Granted, there are plenty of poor history teachers and rare is the history textbook that becomes the page-turner keeping students up too late at night. But bad teachers and poorly written texts are not confined to history. And students are not uniformly a group of neutral tabula rasas awaiting anxiously to be absorbing knowledge. Students, in many cases, are bored with almost everything. The “teach me by entertaining me” mindset is a different story.

Also, there are analytical, in-depth, highly scholarly accounts of history that are simply above the average reader. And they are above even the above average reader who is not a specialist in a particular area. Authors, particularly scholarly ones, assume a certain knowledge from their expected reading audience. If she is writing for non-historians who want to read a juicy biography, she writes a certain type of book. But if she is written to refute the claims of three other historians in their technical and critical biographies, she is assuming that the reader already has lots of knowledge of the subject. That is to be expected. All subjects can be examined at the more shallowed, wadable ends of the pool or be dived into on the deep end.

All of that is to say, Ed West’s little book doesn’t make history interesting. Instead, he does a fine job of tell a story that is already intrinsically and inescapably interesting, fun, and compelling. If you want to fit the book into a bigger picture, a meta-narrative, you can for it deals with an event that can be called “the Birth of Europe.”

Those serious, somber, scholarly types who prefer a more analytical and in-depth look at the rise of Europe would do well to read Stephen Davies’ book The Wealth Explosion: The Nature and Origins of Modernity, which I reviewed in a previous post.

The Wealth Explosion: The Nature and Origins of Modernity

Births are not easy, painless events. I say that as a personal witness to four of them. The metaphor of a birth is not an apt way to describe anything easy either. The fate of the world was hinging on two major worldviews, world orders, and philosophy/religions. The prevailing power of the age in which this book is set was the Muslim religion. While much of history bemoans (rightly so) European efforts during the Crusades to defeat Muslims (and Jews) in the Holy Land, that was just one chapter in a long history of struggles between the Christian West and the Muslim East. (And I know that both of those labels are inadequate.)

Islamic forces had long since captured what we call the Middle East. North Africa was also under their sway, and Spain had been taken by them as well. Europe, in contrast, was a hodgepodge of smaller, less powerful, but emerging nation-states. Judging from the look of the times, one would have speculated that Islam would become the ruling ideology and political force of the following ages. Europe would have been a weak holdout at best or a number of vassal states under Islamic domination.

But Charles Martel and the forces aligned with him changed all of that. France had been under the “rule” of wimpy, inadequate kings, but the real powers were exercised behind the throne by the Mayors of the Palace. As Muslim forces advanced by conquest and raids into the Frankish Kingdom, Charles Martel led the resistance.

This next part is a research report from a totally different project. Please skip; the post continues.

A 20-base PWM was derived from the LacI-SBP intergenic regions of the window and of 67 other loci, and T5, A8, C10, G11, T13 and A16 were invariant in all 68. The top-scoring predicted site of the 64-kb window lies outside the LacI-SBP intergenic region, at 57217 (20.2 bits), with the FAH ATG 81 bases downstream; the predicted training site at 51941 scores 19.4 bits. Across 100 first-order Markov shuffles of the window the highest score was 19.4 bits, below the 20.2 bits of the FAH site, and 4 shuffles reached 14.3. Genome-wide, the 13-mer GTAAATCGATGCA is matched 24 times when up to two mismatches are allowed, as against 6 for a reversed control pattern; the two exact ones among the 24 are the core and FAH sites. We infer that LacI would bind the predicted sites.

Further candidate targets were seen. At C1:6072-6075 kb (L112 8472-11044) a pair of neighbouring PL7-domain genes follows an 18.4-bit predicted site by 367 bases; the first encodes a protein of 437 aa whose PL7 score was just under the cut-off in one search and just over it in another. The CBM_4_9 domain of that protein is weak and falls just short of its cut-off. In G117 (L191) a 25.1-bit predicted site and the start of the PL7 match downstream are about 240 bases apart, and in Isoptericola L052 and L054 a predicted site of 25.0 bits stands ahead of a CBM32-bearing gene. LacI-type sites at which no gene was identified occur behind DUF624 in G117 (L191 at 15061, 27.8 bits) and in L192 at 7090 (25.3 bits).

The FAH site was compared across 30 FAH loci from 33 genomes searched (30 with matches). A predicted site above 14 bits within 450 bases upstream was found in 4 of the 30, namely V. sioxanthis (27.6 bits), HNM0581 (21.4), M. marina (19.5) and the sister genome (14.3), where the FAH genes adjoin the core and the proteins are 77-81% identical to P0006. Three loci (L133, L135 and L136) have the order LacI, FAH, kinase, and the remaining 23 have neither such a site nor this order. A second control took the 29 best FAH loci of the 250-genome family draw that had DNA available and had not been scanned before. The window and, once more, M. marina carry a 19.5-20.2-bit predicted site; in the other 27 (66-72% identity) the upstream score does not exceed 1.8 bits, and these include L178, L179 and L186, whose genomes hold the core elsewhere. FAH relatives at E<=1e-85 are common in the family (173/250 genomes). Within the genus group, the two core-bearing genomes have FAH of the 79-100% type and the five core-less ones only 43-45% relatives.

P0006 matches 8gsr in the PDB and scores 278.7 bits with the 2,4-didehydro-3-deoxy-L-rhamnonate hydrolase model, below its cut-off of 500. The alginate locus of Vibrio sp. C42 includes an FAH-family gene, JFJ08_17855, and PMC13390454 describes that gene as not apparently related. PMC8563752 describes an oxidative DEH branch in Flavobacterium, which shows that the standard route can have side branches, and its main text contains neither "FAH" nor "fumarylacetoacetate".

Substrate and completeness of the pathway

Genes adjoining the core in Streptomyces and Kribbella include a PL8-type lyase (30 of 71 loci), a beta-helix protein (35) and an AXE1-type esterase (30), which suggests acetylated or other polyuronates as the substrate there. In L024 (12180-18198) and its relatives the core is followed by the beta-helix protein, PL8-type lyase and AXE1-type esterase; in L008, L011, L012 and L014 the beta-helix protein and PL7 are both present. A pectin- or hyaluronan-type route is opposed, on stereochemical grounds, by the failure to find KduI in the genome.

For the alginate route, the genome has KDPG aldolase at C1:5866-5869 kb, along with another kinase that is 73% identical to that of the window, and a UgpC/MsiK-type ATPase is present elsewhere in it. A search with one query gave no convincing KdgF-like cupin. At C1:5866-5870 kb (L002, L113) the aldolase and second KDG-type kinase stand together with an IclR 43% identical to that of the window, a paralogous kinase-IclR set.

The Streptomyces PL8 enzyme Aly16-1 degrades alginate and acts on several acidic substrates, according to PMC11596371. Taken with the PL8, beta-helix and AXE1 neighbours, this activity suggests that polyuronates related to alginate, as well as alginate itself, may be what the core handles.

The climatic battle, the one often regarded as a turning point in world or at least European history, took place somewhere in west-central France. Outnumbered by the Muslim forces, Charles’ heavy massed infantry not only held the battlefield but administered a sound defeat to the Muslim armies.

With the never ending debates and revisions and rewriting of history, some more recent historians have questioned the centrality of the Battle of Tours. Carry on with such explorations, but many of us profit from the less detailed historical records with the more catchy bullet points as markers. So, we can be allowed to persist in calling this victory of European Christendom over Islamic expansion as the “Birth of Europe.”

The events in this book are usually covered rather matter of factly in a paragraph or two in the textbooks. And I don’t mean to completely dismiss the role of such learning tools. But the richer story, which West tells, is one that the history teacher needs to learn and learn to tell. Or, since the book is short and inexpensive, it could be assigned to a class. The historical events are the background to a grand piece of literature called The Song of Roland, ably translated by Dorothy Sayers, so anyone teaching that poem should read this account.

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For me, I was looking for a short book to read in between two rather lengthy ones. So, I picked this book up, little knowing that it would be a really enjoyable read.

I feel compelled to add that for the more serious reader, Ed West has the habit of inserting a few bits of humor along with way. I confess to having the same tendency. Plus–horror of horrors–he has based the book on a number of other books, all of which are secondary sources. I confess to having the same tendency. And finally, he includes a bibliography that only lists the names of the authors and titles of their books. How can we read a book that sites a secondary source and then doesn’t tell us that it was published in London in 1984? Actually, I didn’t have any problem with that, and in typical Ben House-fashion, I found several titles that I wish I had.